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Minnesota Department of Agriculture launches 2008 gypsy moth trapping program

The Minnesota Department of Agriculture (MDA) is setting nearly 17,000 gypsy moth traps across the state this month as part of its annual program to monitor Minnesota's forests and urban areas for new infestations by the destructive tree pest.

The Minnesota Department of Agriculture (MDA) is setting nearly 17,000 gypsy moth traps across the state this month as part of its annual program to monitor Minnesota's forests and urban areas for new infestations by the destructive tree pest.

Ranked among America's most destructive tree pests, gypsy moths are not native to North America and have no effective natural controls. Since the late 1800s, they have spread west from New England. They are now common in central Wisconsin, and are threatening eastern Minnesota.

Gypsy moth caterpillars can defoliate large sections of forest, with oak, poplar, birch and willow trees among their preferred hosts.

Gypsy moth populations spread slowly on their own. Unfortunately, people can accidentally help the pests spread by giving them a free ride to new territory. The moths' egg masses can be deposited on any solid surface, including vehicles, firewood and nursery stock. Minnesotans camping in infested areas such as Wisconsin may unknowingly carry the egg masses home on camping gear, firewood or even the wheel wells of their car. In the spring, the hungry caterpillars hatch and infest any nearby trees.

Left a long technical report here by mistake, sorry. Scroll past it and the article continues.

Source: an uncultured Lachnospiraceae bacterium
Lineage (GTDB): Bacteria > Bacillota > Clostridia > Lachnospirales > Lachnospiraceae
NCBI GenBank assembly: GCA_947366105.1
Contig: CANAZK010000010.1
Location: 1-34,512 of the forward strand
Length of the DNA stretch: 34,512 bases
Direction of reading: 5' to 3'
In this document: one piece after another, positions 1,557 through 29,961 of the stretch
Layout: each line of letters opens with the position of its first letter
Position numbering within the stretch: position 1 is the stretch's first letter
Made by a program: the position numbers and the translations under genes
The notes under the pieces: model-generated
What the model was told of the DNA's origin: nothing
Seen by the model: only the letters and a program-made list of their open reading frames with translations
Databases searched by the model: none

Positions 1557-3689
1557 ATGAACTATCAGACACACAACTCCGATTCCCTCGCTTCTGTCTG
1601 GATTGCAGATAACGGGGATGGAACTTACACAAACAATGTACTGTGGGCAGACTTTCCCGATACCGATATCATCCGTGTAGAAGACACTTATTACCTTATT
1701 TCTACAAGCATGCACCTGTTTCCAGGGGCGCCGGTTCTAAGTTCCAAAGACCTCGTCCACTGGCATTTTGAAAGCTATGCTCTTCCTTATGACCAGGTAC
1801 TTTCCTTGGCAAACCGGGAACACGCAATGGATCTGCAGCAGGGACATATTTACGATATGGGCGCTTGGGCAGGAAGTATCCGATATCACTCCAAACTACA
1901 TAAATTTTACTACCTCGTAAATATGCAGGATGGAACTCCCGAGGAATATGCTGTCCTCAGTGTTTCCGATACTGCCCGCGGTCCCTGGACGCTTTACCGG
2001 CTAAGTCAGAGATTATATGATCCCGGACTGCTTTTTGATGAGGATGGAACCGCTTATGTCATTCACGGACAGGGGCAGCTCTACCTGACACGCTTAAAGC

The MDA's early warning system against the moths is a network of small, tent-shaped traps attached to trees or poles. The cardboard traps contain a pheromone to lure male gypsy moths. Once inside, the moths become entangled in the sticky interior. In the fall, workers remove the traps and count the moths inside. When MDA finds a significant number of moths in an area, it moves in to eradicate them.

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MDA's 2007 monitoring program discovered a large infestation in Cook and Lake counties along Lake Superior. The department will be conducting treatments in those counties this summer.

MDA Commissioner Gene Hugoson said monitoring is a key part of Minnesota's fight against gypsy moths.

"Thanks in part to our trapping program, we've been able to find and eradicate start-up infestations," Commissioner Hugoson said. "By stamping out these early infestations, we delay the full-scale arrival of this pest. Every year we delay its introduction is a win for our environment and our economy. We appreciate the help of landowners in protecting traps from destruction, and we ask homeowners not set their own traps, since this can interfere with our ability to find infestations."

Citizens are asked not to disturb the traps and to call the Arrest the Pest Hotline at 888-545-MOTH if they would like traps moved to or removed from their properties. For more details about the trapping program and gypsy moths, visit the MDA Web site at www.mda.state.mn.us/gypsymoth .

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